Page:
In 1856, school societies were abulished, and their property and obligations were transferred to towns, which, by the revision of 1872, inust maintain public schools in every organized school district, or, in case school districts are abolished, a sufficient number of good public schools of different grades in various parts of the town, which shall be open to all children over four years of age, residing within the same, without distinction of race or color.

In 1858 and 1862, attempts were made to graduate the rate of tuition according to the grade of the school; but in 1868 the town tax was increased to an amount sufficient to make the schools free.

In 1871, an annual appropriation was made from the State treasury of a sum equal to fifty çents for each person between the ages of 4 and 16, to be paid with the dividends of the school fund, and which in 1872, was increased to one dollar and fitty cents for each person aforesaid.

I. The system of Common Schools in Connecticut is administered by (1,) State Board of Education, composed of the Governor, Lient. Governor, and four persons, one from each Congressional district, and charged with the general supervision and control of the educational interests of the State, with special power to prescribe what books shall be used, but not to require any book to be changed oftener than once in five years; to prescribe the form of all school reports; to establish and manage a State Normal School, and hold conventions of teachers, and to appoint a secretary, whose business it is made to exercise a general supervision over the public schools, to visit different parts of the State for the purpose of awakening and guiding public sentiment in relation to the practical interests of education, to collect school-books, apparatus, maps, and charts as can be obtained without expense to the State, and to report, annually, to the board on the condition of thc Normal schools and other public schools of the State.

(2,) A Board of School Visitors for each town, of six or nine members, as the town may determine, who prescribe regulations for the management, studies, classification, and discipline of the public schools; examine candidates and issue certificates of qualifications to such as they find qualified. If authorized by the towns, this board may employ the teachers for the schools; visit the schools through one or more of their members, called an acting visitor or visitors; and report to the town and the board, annually, and when required.

(3) A committee of each district, charged with all matters of local management, unless the same shall have been transferred by the town to the school visitors.

II. The law designates certain branches in which the teachers must be found qualified to teach, and which any parent may require his child, if properly qualified, to receive instruction, viz., reading, writing, arithmetic, and grammar thoroughly, and the rudiments of geography, history, and drawing. There are no limitations or specifications as to the studies which may be introduced into schools of a higher grade which the towns are authorized to establish.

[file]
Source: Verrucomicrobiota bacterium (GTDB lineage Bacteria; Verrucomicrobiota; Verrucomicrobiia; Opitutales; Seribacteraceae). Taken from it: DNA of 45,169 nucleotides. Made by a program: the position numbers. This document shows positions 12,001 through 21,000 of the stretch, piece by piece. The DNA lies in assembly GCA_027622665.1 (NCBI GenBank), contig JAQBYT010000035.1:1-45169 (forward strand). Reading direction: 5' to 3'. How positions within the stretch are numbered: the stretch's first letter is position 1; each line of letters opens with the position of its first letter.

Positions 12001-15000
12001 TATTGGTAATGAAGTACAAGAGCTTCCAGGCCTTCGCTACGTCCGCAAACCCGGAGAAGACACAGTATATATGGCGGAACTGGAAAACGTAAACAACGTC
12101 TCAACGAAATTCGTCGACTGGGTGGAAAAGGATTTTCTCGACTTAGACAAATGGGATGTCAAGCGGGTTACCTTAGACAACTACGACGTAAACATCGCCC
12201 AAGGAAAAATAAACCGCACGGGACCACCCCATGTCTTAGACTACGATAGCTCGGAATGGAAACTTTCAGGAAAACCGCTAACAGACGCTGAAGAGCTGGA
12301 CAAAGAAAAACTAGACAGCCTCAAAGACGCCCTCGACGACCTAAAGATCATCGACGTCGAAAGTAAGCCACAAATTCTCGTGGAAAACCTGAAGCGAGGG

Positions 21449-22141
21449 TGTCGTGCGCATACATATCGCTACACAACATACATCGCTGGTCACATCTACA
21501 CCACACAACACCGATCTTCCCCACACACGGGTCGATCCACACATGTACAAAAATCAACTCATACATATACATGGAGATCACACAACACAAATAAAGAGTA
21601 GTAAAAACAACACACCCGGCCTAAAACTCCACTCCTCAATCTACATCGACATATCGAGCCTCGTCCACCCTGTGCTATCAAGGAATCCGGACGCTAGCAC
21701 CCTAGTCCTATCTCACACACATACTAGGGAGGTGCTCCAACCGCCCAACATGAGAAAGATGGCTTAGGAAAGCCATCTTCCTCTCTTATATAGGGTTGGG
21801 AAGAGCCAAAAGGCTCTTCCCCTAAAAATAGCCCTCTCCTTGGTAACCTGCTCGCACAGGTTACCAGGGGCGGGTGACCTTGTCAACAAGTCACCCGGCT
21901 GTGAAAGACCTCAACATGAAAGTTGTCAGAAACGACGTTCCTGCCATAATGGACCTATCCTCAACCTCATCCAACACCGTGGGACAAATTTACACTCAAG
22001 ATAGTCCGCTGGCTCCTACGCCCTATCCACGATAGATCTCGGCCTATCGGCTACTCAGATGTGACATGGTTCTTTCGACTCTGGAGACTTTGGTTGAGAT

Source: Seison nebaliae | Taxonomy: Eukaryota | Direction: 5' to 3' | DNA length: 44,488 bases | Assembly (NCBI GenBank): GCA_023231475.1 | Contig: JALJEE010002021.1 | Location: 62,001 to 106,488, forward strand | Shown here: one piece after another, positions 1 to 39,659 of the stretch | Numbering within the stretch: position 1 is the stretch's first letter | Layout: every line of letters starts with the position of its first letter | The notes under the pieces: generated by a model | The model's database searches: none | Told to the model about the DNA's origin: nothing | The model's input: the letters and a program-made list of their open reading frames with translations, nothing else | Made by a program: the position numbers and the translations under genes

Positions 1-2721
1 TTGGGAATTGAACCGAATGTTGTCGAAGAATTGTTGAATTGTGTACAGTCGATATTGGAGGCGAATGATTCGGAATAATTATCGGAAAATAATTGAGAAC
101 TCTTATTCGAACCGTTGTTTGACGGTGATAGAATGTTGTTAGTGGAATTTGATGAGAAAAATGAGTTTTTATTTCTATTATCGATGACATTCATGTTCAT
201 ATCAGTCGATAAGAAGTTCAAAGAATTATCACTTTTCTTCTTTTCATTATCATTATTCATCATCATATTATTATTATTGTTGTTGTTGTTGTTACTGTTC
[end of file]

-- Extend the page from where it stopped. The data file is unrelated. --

III. From the year 1650, it has been made by law the duty of all parents and guardians of children • to bring them up in some honest and lawful calling, and to cause them to be instructed,' originally

to read the Holy Word of God and other good laws of the colony,' but by existing statute in reading, writing, English grammar, geography and arithmetic.' By the existing law, any child between the ages of 8 and 14 must attend some school, public or private, or be instructed at home, at least three months in each year, unless the physical or mental condition renders such instruction inexpedient. And no child under 14 can be employed to labor in any business, whatever, unless he has attended school three months out of the twelve preceding, under a penalty of $100 for each offense. Each city or town may make all needful regulations con

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cerning habitual truants from school, or children under 16 years of age found loitering during school hours, with prescribed modes for their arrest, penalties, and for repeated convictions, their sentence to the State Reform School, and in case of girls, to the Girls' Industrial School. To carry out these provisions relative to children engaged in factory labor, the State Board appoint an agent who visits the localities, confers with employers and teachers, and thus, without actually appealing to penalties, secures the enforcement of the law. But the statistics of the Secretary's report for 1872, and the national census of 1870, show that the aim of the law-universal school attendance, and universal elementary instruction at home or at school, are not now reached. The census shows that there were 29,616 persons over 10 years old, of all races, who were returned as illiterate-over 19,000 who could not read, and over 29,000 who could not write. Of the 29,616 thus returned, 27,913 were white, and of these 5,678 were native born. Out of 131,748 persons over 4 and under 16 years of age in January, 1872, only 83,874 were registered as scholars in public schools in the summer of 1872, and 94,787 in the winter of 1.872. If to these we add 9,029 in private schools, it leaves 11,947 not in any school, public or private.

IV. The support of common schools comes from: (1) State treasury-income of State School Fund, and a sum eqnal to $1.50 for every child between the ages of 4 and 16; (2,) town treasuryincome from town funds, and such portion of the town tax as may be necessary to keep the public school, according to law; (3,) district treasury-income from local funds, and property taxation; (4,) voluntary contributions to prolong the schools.

In 1872, there were 166 towns; 1,521 school districts, with 1,638 schools, classified into 2,348 departments, under 2,477 teachers (2,240 females), of whom 580 had not taught before; the State School Fund, $2,013,375; Town Deposit Fund, $763,661; Local School Funds, $150,000; valuation of taxable property, $322,553,488. The income in 1872 was, from permanent funds, $178,655; from town and district taxation, $1,127,707; State treasury, $199,414; from other sources, $60,267,- total $1,442,669.

The educational institutions of the State in 1872 consisted of (1,)1,638 common schools; (2,) 170 academies, seminaries, and high schools of secondary instruction ; (3) 3 colleges, 8 professional and special schools (1 teaching, 3 theology, 1 law, 1 medicine, 1 science applied to engineering, agriculture, and architecture, 1 art-industrial and ideal, 1 deaf mute, 1 imbecile), and 290 private schools.